SPR loans 13,200 11,400 -
Total Public 52,554 28,759 1,680
• Increased indigenous production and the lowering of minimum stockholding
requirements put at the disposal of industry an additional 25 million barrels. These
amounts in effect allow a potential transfer of incremental oil supply, making previously
unavailable volumes accessible to the market.
Who holds the oil stocks in IEA Countries?
• Stocks to meet IEA requirements are held within three broad types of oil stockholding
- Company stocks
Compulsory stocks and commercial stocks.
- Government stocks
Financed with central government budget and held exclusively for emergency purposes.
- Agency stocks
Maintained for emergency purposes by both public and private bodies. They are usually
held under a co-operative cost-sharing arrangement.
• About two-thirds of the total IEA stocks are held by the oil industry whilst the remaining
one-third is held by governments and specialised agencies.
Does the IEA co-operate with non-Member countries?
• The IEA has developed strong relationships and co-operates in experience-sharing with
important oil producer and consumer countries including China, India and other
What is the legal basis for IEA coordinated emergency response action?
• The International Energy Program (IEP) which is contained in the IEA’s governing treaty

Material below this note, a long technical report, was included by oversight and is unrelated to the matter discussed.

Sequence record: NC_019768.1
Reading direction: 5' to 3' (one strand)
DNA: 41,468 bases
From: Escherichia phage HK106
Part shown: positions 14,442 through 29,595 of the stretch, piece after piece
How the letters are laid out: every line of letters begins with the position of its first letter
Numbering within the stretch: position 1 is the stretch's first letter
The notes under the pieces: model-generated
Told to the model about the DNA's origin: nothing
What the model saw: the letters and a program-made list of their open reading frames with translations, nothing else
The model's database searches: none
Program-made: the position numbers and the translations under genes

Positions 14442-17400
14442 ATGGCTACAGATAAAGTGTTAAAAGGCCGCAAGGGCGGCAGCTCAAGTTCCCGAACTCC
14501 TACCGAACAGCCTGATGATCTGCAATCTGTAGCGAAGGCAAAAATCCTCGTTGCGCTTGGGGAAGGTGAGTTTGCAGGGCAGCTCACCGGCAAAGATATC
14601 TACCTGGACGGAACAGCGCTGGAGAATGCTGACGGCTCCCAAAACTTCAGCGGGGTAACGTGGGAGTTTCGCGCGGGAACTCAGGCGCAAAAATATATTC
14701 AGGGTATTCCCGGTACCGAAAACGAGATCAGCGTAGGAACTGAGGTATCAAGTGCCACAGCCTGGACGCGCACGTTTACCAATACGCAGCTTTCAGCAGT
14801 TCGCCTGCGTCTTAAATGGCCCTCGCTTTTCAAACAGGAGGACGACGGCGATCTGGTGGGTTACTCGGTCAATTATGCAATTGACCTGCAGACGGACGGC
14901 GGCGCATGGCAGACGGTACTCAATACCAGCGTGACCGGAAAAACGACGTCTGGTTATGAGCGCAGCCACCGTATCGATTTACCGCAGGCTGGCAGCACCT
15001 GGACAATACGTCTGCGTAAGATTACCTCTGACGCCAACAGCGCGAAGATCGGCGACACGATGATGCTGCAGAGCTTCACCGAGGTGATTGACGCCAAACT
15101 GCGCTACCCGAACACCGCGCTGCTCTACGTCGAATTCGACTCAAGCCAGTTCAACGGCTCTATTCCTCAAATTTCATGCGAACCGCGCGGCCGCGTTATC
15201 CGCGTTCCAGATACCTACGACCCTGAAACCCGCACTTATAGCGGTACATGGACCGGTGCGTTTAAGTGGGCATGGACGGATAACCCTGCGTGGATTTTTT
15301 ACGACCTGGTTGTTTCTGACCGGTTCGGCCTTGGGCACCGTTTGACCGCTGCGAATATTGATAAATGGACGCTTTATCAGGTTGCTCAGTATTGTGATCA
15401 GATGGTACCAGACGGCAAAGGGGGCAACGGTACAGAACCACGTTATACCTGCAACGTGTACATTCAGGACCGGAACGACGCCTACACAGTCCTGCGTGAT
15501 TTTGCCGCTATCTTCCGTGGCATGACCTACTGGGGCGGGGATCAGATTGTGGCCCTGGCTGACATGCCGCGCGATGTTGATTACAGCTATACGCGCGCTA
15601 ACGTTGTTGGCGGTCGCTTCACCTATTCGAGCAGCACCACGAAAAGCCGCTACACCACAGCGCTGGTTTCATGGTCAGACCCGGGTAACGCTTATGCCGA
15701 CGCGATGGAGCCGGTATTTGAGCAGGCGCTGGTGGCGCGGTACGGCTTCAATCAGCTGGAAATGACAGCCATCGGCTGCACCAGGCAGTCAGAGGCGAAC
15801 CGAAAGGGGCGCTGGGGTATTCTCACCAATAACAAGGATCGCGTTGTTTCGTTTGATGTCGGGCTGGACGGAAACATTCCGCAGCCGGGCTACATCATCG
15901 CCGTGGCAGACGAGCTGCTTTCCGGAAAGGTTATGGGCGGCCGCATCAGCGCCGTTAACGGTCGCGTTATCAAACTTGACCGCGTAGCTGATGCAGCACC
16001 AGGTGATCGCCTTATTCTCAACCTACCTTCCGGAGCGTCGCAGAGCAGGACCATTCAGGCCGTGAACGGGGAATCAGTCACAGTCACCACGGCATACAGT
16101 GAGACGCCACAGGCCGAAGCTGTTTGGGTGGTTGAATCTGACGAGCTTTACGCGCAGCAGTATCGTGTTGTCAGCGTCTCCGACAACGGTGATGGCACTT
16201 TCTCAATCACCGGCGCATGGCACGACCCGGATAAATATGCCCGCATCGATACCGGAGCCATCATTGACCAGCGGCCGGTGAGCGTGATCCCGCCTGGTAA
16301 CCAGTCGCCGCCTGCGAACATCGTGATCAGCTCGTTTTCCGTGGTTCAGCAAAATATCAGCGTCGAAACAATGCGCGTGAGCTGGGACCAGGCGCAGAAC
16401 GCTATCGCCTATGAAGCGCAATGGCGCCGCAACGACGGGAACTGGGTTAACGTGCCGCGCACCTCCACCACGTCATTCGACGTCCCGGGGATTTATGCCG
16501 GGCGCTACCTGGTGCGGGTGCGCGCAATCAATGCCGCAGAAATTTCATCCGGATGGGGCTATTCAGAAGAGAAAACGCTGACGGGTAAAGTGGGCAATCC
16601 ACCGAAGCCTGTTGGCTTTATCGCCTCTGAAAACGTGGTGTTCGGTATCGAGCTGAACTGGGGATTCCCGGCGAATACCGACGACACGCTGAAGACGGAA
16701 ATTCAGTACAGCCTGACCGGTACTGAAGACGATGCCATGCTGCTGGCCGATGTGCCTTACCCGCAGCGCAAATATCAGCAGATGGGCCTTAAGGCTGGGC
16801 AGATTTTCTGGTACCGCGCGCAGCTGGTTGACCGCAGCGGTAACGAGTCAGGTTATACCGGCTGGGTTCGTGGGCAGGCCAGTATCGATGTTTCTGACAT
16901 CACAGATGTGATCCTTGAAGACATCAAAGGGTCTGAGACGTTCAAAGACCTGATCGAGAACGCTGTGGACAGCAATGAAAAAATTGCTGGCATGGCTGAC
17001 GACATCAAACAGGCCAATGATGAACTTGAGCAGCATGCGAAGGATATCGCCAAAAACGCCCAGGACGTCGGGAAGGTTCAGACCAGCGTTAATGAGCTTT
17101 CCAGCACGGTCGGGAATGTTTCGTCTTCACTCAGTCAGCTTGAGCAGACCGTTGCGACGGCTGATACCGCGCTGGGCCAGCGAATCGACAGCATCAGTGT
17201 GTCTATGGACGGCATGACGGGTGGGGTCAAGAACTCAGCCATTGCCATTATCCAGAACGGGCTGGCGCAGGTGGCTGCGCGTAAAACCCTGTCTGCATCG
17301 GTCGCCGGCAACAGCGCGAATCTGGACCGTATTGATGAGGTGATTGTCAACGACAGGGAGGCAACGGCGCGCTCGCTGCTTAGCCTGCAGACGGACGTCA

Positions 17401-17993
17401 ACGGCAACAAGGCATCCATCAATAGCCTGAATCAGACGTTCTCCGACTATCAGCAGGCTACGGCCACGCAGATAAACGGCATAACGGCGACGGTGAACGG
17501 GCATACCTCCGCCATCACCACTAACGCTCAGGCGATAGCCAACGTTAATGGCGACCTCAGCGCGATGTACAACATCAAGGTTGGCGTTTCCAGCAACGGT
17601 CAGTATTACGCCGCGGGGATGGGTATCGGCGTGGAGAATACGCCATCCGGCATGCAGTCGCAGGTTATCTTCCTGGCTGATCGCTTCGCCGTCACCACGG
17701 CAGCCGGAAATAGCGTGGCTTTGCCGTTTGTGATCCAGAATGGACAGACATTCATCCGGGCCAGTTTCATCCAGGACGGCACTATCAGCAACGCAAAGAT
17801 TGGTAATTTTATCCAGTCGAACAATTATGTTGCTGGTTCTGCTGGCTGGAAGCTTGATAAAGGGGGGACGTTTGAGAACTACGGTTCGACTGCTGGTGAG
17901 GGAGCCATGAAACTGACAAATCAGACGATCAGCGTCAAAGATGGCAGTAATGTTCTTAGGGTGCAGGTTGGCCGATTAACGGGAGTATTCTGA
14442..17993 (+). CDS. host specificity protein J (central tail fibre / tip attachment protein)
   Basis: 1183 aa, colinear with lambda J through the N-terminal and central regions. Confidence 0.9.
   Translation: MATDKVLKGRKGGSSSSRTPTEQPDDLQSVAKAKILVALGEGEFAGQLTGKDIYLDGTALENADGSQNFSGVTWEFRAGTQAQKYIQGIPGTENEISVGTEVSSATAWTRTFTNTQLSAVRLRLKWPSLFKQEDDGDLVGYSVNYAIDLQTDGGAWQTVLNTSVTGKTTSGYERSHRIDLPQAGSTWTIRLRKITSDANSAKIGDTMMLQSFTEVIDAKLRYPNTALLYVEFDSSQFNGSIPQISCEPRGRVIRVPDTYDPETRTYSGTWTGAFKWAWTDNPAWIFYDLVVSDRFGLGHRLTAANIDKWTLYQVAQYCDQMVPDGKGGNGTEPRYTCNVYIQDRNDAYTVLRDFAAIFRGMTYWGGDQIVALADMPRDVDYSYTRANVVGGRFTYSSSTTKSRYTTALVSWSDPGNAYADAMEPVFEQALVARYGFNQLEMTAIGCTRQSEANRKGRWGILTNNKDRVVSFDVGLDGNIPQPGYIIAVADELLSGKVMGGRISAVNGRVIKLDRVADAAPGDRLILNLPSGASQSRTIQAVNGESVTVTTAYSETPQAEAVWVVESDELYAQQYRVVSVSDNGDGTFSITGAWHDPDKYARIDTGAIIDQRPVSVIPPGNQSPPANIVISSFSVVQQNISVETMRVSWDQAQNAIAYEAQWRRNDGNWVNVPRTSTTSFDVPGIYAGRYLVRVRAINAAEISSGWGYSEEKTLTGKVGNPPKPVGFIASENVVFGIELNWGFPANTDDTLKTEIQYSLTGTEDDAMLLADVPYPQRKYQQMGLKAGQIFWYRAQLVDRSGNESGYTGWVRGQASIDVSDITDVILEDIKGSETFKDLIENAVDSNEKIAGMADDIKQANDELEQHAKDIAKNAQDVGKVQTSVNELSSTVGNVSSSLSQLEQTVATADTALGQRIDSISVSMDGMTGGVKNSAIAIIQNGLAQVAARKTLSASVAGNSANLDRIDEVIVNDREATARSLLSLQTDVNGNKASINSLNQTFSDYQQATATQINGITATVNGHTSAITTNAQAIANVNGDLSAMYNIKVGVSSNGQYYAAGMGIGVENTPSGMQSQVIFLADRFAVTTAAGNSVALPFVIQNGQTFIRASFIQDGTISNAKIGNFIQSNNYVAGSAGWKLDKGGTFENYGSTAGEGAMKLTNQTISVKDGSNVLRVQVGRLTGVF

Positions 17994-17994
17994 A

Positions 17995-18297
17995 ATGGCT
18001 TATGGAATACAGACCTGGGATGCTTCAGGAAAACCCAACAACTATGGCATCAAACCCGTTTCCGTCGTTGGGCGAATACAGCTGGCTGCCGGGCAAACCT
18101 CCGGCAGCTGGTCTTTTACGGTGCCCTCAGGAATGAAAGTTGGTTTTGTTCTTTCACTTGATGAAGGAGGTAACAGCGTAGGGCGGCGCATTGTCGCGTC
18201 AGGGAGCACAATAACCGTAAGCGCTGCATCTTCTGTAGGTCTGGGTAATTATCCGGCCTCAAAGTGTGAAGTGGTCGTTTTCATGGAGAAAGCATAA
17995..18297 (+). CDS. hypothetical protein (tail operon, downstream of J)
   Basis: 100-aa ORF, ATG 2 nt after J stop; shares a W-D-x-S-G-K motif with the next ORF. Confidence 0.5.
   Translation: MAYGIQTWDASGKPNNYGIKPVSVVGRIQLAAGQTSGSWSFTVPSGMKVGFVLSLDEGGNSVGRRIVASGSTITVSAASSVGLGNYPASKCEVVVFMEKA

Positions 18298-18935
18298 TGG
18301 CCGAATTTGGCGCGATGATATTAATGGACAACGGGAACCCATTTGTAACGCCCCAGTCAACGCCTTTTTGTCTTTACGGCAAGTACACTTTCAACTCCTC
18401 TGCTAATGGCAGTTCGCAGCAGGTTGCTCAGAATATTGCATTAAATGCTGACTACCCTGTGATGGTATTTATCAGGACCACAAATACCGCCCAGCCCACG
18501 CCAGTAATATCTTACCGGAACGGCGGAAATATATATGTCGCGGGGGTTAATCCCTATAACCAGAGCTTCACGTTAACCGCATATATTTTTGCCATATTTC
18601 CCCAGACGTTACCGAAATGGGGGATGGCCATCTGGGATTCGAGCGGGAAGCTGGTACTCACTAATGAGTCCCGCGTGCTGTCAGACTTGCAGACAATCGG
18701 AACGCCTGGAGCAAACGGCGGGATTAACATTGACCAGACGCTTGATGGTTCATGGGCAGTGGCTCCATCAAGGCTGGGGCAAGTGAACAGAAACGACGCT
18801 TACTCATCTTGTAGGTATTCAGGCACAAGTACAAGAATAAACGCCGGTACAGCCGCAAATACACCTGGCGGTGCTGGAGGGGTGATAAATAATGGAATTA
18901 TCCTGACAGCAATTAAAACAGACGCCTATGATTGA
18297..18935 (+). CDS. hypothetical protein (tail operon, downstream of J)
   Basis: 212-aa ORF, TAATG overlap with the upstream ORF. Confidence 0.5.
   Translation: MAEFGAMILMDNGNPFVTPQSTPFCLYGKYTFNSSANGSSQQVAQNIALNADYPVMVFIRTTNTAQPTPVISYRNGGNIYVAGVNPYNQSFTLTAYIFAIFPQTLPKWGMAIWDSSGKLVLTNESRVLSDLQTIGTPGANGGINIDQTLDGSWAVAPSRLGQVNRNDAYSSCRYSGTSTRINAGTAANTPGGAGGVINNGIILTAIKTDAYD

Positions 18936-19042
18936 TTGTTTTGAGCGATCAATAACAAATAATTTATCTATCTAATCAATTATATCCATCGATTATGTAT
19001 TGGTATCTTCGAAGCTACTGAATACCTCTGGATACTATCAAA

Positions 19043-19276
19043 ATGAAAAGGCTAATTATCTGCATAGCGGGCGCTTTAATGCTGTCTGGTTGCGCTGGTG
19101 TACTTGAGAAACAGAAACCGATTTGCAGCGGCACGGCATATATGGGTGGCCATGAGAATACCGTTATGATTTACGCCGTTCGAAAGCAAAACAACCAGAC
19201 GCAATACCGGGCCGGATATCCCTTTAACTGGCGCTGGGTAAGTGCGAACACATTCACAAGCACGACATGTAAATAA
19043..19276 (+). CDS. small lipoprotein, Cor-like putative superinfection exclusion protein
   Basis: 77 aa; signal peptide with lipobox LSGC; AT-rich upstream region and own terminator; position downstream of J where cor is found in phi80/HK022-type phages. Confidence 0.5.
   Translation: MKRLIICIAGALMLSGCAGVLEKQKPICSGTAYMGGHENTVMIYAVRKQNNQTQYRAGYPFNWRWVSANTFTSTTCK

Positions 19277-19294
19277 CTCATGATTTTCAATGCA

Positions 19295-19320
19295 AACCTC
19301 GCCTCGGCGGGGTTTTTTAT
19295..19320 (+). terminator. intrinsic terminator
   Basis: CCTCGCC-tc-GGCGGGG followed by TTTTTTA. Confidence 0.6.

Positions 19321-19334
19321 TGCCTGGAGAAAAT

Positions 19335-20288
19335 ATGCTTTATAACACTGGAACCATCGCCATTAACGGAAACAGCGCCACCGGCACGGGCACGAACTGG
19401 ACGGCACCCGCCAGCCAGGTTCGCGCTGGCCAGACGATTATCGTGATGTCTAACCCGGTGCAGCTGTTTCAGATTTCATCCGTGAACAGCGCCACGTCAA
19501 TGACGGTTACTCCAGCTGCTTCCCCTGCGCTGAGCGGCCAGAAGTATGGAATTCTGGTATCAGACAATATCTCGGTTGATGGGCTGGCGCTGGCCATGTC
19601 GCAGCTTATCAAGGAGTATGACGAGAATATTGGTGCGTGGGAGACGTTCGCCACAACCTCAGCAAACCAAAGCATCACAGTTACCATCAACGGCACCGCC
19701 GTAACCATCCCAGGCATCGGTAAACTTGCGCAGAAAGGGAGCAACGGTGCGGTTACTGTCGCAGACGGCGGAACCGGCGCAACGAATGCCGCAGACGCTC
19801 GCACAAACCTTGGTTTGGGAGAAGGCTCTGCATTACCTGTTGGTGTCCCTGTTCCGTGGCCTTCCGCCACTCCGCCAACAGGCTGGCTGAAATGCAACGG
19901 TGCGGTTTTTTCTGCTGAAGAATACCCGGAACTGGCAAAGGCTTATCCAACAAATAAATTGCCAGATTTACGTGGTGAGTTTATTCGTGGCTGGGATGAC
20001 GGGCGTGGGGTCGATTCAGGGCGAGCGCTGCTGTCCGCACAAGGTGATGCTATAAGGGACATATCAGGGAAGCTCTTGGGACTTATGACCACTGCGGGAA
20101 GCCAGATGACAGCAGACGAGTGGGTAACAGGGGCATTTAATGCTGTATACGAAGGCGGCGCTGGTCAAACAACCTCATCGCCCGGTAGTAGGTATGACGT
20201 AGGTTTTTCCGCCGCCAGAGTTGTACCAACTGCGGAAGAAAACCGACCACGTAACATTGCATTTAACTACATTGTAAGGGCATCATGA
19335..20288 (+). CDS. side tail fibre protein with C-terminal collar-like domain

Under the IEP Agreement, participating countries’ commitments include those:
- to maintain emergency oil reserves equivalent to at least 90 days of net oil imports;
- to provide programmes of demand restraint measures to reduce national oil
- to participate in oil allocation among IEA countries in the event of a severe supply
• Rapid response measures and framework for decision making
- The IEA also has an additional set of co-ordinated stockdraw and other response
measures commonly known as Co-ordinated Emergency Response Measures
(CERM). This was established by a July 1984 IEA Governing Board Decision and
updated more recently.
- In making the Decision, the Governing Board recognised the importance of
responding rapidly to a supply disruption in order to minimise the potential economic
- CERM may apply even if the oil supply disruption is not large enough to activate the
IEP emergency measures.
How does the IEA determine whether or not co-ordinated action is required?
The Governing Board, which is made up of senior energy officials from Member countries,
directs the activities and makes the major policy decisions of the IEA. In the event of an
actual or potential oil supply disruption, the Governing Board would meet promptly to
consider what action should be taken.
Industry experts, through the Industry Advisory Board, provide advice and consultation on
emergency response issues and oil supply/demand questions related to them. The IEA also
maintains a network of international organisations and industry associations for energy
emergencies. This network was effectively used in preparations for the Y2K rollover and
during the period leading up to the Gulf War 2003.
What is the difference between European Union and IEA stockholding
- As a basis of its calculation of the 90 days, the IEA uses the total net oil imports of the
preceding year for each participating country concerned, whereas the EU uses the
domestic consumption for three categories of products (gasolines and related
feedstocks, middle distillates and heavy fuel oil) for each of its member states as the
basis of its calculation of the 90 days.
- In calculating the stocks held by its members, the IEA applies a 10% reduction for
unavailable stocks (including tank bottoms), whereas the EU applies no reduction for